In this segment of “Office Optional with Larry English,” Larry explains why it’s time to move beyond email as your primary collaboration tool.
When collaborating with other companies on a project, too many businesses rely on email and other outdated practices. Complications, headaches and frustrations ensue. Roadblocks can stem from anything from a lack of trust between organizations, a lack of clarity on tools and processes to key differences in culture.
But it doesn’t have to be this way. Over the past two years, businesses have learned a great deal about asynchronous work and the tools that make it possible. Okta’s 2022 Businesses At Work Report found that, for the first time, five collaboration tools topped the list of fastest-growing apps.
It’s time to take the lessons learned about remote work, and the tools that make remote work seamless,
Step 1: Agree to The Rules of Engagement
Phil Simon, workplace technology expert and author of “Reimagining Collaboration: Slack, Microsoft Teams, Zoom and the Post-Covid World of Work,” recently wrote a blog post describing the common roadblocks of inter-organizational projects: “Sadly and despite my best efforts, the short project had quickly devolved into a morass of misunderstandings, scheduling snafus and duplicate work.”
In other words, a lack of clarity on the way to accomplish work and by whom led to major issues.
The solution: Begin every inter-organizational endeavor with a project charter designed to smooth the way for efficient, effective collaboration. The charter should address:
- What are the goals, business outcomes, guiding principles and deliverables?
- Who will own what piece of the project?
- What are basic communication norms?
- What collaboration tool will you use to accomplish all this?
By creating a project charter, you’ll cut down on inefficiency, leaving team members to focus on important work (instead of wasting time coordinating tasks, searching for documents, requesting status updates and the like).
Step 2: Put Appropriate Controls in Place
Choosing a collaboration tool isn’t as simple as saying “We’ll use our Microsoft Teams channel, here’s a login and password.” You must consider a number of important details.
Modern collaboration tools allow for tight control of what guests can and can’t see and do. First, you’ll need to decide what exactly you’ll be sharing and what you’ll allow access to within the tool. A non-disclosure agreement may be necessary.
It’s also prudent to establish processes to ensure you’re not granting a guest access and then never turning that access off. Once a project wraps up, it’s easy to lose sight of those external relationships. For instance, Slack allows users to create guest accounts with ticking clocks. Their access automatically lapses on a certain date. Many tools allow you to set up notifications to check if you’re still using a specific channel.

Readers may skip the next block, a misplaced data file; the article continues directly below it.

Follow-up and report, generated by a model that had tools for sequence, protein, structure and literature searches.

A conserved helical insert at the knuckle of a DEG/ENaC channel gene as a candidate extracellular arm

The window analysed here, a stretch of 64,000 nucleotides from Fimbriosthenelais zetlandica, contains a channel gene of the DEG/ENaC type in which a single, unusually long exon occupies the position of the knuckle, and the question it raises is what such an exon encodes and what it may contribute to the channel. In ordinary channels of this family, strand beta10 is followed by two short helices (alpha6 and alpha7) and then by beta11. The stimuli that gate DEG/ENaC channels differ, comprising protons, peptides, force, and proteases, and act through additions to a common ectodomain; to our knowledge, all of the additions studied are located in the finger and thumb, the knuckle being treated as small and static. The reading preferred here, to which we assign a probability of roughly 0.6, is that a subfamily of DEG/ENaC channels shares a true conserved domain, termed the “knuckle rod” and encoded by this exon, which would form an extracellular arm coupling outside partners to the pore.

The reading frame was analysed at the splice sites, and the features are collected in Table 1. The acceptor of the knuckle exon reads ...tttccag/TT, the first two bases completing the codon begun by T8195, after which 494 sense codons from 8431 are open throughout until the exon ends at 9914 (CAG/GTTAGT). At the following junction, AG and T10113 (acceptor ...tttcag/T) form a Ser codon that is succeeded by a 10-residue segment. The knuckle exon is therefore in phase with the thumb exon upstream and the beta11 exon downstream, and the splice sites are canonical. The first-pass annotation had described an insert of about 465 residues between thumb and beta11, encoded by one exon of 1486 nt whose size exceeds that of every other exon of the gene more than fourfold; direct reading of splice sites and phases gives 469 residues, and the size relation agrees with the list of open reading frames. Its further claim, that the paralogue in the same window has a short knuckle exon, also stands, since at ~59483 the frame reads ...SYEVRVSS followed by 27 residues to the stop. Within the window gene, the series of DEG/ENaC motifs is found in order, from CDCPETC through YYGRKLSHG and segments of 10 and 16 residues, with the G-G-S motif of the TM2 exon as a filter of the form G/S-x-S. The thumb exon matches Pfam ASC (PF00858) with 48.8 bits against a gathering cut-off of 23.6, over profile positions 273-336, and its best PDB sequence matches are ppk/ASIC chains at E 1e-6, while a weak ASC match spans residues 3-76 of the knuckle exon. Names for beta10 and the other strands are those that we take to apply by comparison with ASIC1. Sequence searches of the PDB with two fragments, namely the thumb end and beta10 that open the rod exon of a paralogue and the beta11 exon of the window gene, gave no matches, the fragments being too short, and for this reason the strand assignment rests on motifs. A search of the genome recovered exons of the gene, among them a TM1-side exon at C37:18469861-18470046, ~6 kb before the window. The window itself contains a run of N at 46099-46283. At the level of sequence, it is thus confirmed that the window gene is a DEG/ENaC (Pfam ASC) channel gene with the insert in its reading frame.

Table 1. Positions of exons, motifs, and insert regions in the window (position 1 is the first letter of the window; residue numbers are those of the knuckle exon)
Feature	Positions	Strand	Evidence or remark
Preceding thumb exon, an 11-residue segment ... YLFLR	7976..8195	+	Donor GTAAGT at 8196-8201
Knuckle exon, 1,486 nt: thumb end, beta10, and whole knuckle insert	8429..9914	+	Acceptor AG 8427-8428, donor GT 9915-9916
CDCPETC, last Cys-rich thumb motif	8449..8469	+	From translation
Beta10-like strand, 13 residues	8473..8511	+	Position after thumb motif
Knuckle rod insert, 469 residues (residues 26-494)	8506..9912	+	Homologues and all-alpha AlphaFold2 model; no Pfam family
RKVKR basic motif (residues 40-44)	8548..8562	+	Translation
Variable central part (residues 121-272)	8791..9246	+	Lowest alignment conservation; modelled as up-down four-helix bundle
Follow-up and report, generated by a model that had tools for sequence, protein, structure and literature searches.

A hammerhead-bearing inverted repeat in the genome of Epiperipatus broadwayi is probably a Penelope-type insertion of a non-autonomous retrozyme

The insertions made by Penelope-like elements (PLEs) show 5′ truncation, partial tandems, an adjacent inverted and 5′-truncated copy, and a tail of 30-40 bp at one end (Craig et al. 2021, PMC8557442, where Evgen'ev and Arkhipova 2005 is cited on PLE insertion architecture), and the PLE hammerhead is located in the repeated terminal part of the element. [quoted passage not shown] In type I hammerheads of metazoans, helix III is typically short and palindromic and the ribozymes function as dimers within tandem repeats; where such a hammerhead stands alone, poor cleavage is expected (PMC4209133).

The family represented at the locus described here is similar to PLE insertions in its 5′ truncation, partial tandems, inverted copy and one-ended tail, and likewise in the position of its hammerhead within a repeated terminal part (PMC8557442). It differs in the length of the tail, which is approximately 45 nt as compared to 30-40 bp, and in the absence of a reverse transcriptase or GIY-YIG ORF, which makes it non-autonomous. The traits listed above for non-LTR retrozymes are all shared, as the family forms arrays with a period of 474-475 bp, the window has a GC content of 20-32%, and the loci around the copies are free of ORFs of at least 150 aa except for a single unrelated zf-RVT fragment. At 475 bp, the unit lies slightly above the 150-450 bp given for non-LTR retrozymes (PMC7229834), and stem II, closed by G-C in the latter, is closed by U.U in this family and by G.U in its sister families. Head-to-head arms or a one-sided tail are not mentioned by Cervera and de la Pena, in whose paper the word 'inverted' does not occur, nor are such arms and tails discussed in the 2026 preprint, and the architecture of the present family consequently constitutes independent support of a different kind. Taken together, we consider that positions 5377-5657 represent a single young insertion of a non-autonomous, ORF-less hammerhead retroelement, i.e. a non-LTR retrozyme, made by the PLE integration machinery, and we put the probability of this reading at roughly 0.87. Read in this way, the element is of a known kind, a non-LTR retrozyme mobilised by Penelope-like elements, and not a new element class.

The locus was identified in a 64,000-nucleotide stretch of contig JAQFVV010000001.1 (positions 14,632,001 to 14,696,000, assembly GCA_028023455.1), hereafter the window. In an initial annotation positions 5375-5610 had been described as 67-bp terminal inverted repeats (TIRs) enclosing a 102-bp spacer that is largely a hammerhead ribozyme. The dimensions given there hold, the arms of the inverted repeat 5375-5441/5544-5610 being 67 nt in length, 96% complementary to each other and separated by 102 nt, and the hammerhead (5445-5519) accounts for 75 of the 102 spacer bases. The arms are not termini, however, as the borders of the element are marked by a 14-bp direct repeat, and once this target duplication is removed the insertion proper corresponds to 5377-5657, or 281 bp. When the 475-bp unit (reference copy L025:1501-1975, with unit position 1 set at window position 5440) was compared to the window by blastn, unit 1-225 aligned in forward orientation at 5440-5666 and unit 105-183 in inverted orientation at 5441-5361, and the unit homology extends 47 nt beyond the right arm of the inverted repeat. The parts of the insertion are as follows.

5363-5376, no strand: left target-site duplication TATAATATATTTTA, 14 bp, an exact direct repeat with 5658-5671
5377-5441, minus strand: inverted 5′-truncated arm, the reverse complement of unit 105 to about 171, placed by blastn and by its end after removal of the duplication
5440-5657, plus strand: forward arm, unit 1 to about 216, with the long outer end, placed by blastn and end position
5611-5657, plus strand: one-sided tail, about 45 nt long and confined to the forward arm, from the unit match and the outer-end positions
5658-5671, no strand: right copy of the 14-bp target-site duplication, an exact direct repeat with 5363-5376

Finally, you’ll need to decide what is considered appropriate use within the tool. Does your external partner need to sign the same kind of HR agreement you require of employees? How tightly does this need to be controlled? Are there any applicable regulatory or corporate compliance requirements?
Step 3: Invest in Time for Learning
Whenever two organizations collaborate for the first time, there’s going to be a learning curve. Identify any gaps up front, then take the time to educate one another where needed.
One team may need to learn a new collaboration tool. Formal training is invaluable. Simon points out that many organizations mistakenly assume people will “just pick it up.” And while they may be able to independently figure out how to navigate the tool’s basic functions, they’ll end up missing out on a ton of useful capabilities to make collaboration more seamless.
Another area of potential learning involves remote work. If one team is more adept at working remotely and asynchronously, it may be a worthwhile investment to communicate some basic norms.
- When do people need to be available?
- What’s the expected response time on chat?
- Where do you save documents so everyone can easily access them without needing to ping a team member?
Although training may feel like it slows a project down, the efficiency gains down the road more than make up for it. Especially training around a collaboration tool. “If you don’t figure this stuff out, at some point people say ‘Screw it, I’m going to give up and use email,’” Simon says. Reverting to e-mail, by the way, is the last thing you want to do. Studies have shown that nearly two-thirds of employees ignore their inboxes.
No One Size Fits All
Of course, not every inter-organizational project will call for a charter or an investment in learning a new collaboration platform. Email is perfectly sufficient for simple tasks that people can accomplish with a few exchanges over a short period of time.
That rule doesn’t apply to longer-term, more complex endeavors or relationships involving two or more organizations. In these cases, it’s worth the initial investment in agreeing to how you’re going to work together and completing any necessary training on the selected collaboration tool and work norms.